The Desert
Something else happened about this time in the desert. We had a beacon which was put down about fifty miles south of the coast to guide the planes back from their bombing raids at night. The desert was almost featureless and if planes had to take evasive action the navigators could not always tell where they were. For a certain time each night it would flash a morse signal which was changed regularly. It was an electrician’s job to attend to this beacon and initially they used to send us out there on our own. We had a single tent, some food and water and went out for a fortnight. Then a relief would come out with supplies and the previous electrician would return to camp. A small spotter plane used to fly over and drop a message to tell when to turn the beacon on and off, and what letter to send. Sometimes the message was that there would be no flying for a few days. I quite enjoyed it; a couple of weeks completely on my own. I had a rifle and used to take pot shots at tin cans. I did once see some gazelles but they were too far away and I had no chance of getting near them.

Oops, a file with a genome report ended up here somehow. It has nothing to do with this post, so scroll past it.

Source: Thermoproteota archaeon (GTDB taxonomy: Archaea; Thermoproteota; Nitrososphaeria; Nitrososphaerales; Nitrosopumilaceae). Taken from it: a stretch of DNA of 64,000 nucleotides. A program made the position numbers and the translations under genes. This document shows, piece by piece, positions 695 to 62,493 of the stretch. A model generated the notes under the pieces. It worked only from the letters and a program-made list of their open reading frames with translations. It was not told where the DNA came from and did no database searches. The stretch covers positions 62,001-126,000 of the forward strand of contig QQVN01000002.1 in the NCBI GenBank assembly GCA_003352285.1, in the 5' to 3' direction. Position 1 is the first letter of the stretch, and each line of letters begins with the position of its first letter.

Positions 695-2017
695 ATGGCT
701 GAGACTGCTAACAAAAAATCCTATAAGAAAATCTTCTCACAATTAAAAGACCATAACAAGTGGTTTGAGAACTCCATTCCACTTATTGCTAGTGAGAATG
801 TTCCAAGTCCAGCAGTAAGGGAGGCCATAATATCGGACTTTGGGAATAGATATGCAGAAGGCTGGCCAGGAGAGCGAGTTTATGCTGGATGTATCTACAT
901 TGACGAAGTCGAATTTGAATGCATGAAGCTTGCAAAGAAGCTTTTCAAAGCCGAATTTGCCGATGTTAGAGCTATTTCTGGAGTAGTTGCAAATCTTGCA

On one particular occasion I had gone out there and the flying had been stopped, so I had nothing to do but the daily check of the beacon. At the end of the fortnight I waited for my replacement to come out and nobody turned up. When we went out there we used to take extra food with us so I was not worried about having enough to eat, but our water was in the flimsy petrol cans and they were not always empty of petrol when the water was put in so it tasted horrible. I realised that I was getting a bit short on water - what was I going to do? I knew that I was about fifty miles south of the coast and that if I walked due north, using either the sun or the stars, I would eventually reach the coast road and possibly an army or airforce camp before then. I thought I would leave it until my water had been reduced to the amount I could carry with me, possibly about two days supply. I intended to start off at night because it would be cooler and once I had located the north star I would be able to walk due north. The desert was reasonably flat in that area and as the moon would be shining I could see no problems with the terrain.